Jack Lopresti is MP for Filton and Bradley Stoke, and Chairman of the defence committee of the 1922 Committee.

We face a generational struggle with Islamist jihadism but have strong allies in the Muslim world. Foremost are the Kurds whose Peshmerga are fighting and dying to wrest back territory from the so-called Islamic State (Daesh) and crucial to liberating its “capital” of Mosul.

Last year, I joined MPs on all-party parliamentary group visit to the frontline in Kirkuk. The Peshmerga commander showed us Daesh positions two miles away and told us two British Tornado jets had prevented Daesh advances.

The commander explained how Daesh threw heavily armoured Humvees at a strategic bridge when air cover was impossible. This time, the Peshmerga killed the driver with small arms fire but they have not always been so lucky. Such attacks must be stopped at a distance or huge suicide bombs obliterate the frontline.

Two years ago, Britain supplied just forty heavy calibre machine guns that can do that. Other countries supplied more such kit but the Peshmerga need more to defend a 650-mile front. The armour piercing ammunition for our guns ran out a year ago and it took a huge effort by the Kurdistan Regional Government (KRG) and MPs to persuade the Government to send fresh supplies, without which the guns are merely decorative.

Given the superior firepower of Daesh and their prowess in seeding villages with booby traps before leaving, the casualty rate has been very high for the Peshmerga. Nine thousand have been injured and nearly two thousand have been killed.

Britain has provided training in demining and in battlefield medical treatment but Peshmerga continue to die of injuries that afflicted British soldiers in the Second World War but which are less likely to become fatal thanks to treatment in the first ‘golden hour’ in field hospitals and surgical teams on the frontline. But my fellow MPs, Colonel Bob Stewart and Ian Austin were told that there were no such plans to provide this for the Peshmerga.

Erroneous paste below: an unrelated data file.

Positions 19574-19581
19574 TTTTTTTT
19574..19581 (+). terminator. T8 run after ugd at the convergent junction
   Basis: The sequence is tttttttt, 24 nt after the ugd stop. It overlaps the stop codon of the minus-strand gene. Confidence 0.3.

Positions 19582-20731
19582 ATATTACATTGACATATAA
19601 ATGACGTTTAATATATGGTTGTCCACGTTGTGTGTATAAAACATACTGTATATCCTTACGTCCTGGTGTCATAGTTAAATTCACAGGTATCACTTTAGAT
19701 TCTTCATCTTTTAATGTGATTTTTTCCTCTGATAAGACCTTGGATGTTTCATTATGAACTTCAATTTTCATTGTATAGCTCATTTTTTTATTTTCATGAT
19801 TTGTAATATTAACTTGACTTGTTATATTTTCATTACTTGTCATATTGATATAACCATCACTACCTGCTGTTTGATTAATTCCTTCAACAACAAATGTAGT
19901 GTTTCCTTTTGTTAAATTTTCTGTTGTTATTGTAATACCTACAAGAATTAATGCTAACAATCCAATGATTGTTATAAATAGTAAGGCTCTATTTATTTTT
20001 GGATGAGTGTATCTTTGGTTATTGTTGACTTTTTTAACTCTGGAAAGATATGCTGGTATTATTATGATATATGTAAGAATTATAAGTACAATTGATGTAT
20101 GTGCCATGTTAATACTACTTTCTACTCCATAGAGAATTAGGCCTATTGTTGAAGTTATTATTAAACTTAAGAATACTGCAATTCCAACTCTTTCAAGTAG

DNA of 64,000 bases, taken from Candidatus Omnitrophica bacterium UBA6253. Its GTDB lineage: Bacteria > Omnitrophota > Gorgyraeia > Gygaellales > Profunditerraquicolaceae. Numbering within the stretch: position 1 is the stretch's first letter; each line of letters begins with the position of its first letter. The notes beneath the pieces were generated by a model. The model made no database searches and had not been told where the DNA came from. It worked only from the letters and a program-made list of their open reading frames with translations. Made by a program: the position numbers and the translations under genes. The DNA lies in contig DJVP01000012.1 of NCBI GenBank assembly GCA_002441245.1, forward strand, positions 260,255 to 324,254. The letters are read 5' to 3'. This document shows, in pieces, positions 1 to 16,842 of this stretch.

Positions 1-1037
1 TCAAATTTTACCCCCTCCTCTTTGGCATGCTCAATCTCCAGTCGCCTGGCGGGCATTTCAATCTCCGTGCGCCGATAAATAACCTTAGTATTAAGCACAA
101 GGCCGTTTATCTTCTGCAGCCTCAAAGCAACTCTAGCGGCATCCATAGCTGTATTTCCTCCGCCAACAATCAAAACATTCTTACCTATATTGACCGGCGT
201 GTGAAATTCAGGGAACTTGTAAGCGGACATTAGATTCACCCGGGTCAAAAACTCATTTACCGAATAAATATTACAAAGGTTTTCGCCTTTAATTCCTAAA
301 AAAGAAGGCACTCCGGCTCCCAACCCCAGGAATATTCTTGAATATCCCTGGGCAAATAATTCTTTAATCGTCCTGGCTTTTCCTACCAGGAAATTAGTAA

Furthermore, the KRG, itself facing a huge economic crisis as a result of the war, cannot cope with the scale of battlefield injuries. Their health service is limited but they have spent precious revenues in sending 800 injured Peshmerga to hospitals in various countries. India has also provided 50 of the 126 free hospital beds.

In June Colonel Stewart, himself a former commander of British forces in Bosnia, asked the Defence Minister to give a small number of the most seriously wounded Peshmerga soldiers free specialist beds at the Queen Elizabeth Hospital Birmingham. The minister brushed this off by saying ministers would support such cases on merit and that in the past limited treatment in the UK to foreign nationals has only been offered in “very exceptional circumstances.”

These ministerial answers were needlessly ungenerous to our allies and I devoted my question at David Cameron’s final PMQs to the issue. I told him his “lasting legacy will include supporting the Kurds whose Peshmerga are bravely fighting Daesh in all our interests. Having visited the Peshmerga on the frontline, I know that our airstrikes, weapons and training are crucial, but Peshmerga injuries could be reduced with additional equipment such as body armour, respirators and front-line medical facilities, and we possibly could provide some beds in our specialist hospital in Birmingham to the most seriously injured.”

The Prime Minister absolutely agreed “that the Kurds are incredibly brave fighters and are doing valuable work against Daesh in Iraq and Syria. I will look carefully at his suggestion of using the Birmingham hospital. The Queen Elizabeth Hospital has excellent facilities for battlefield casualties. Our Army is already providing medical instruction to the Peshmerga to help them deal with the situation, but we will look to see whether more can be done.”

David Cameron added that our strategy is working because “Daesh is on the back foot: it has lost 45 per cent of the territory that it once held in Iraq; its finances have been hit; more than 25,000 Daesh fighters have now been killed; desertion has increased; and the flow of foreign fighters has fallen by 90 per cent. I have always said that this will take a long time to work in Iraq and Syria, but we must stick at it and we must stay the course.”

The Peshmerga will certainly be sticking at it and will stay the course but warm words of solidarity should become specific commitments. I am urging the new Prime Mminister and the Secretary of State for Defence to urgently accept the requests for field hospitals, surgical teams and ten beds in Birmingham. As I said in the House last week during PMQs, this is a relatively small investment that would make a huge difference to our allies in a common fight to defeat the evil of terrorism.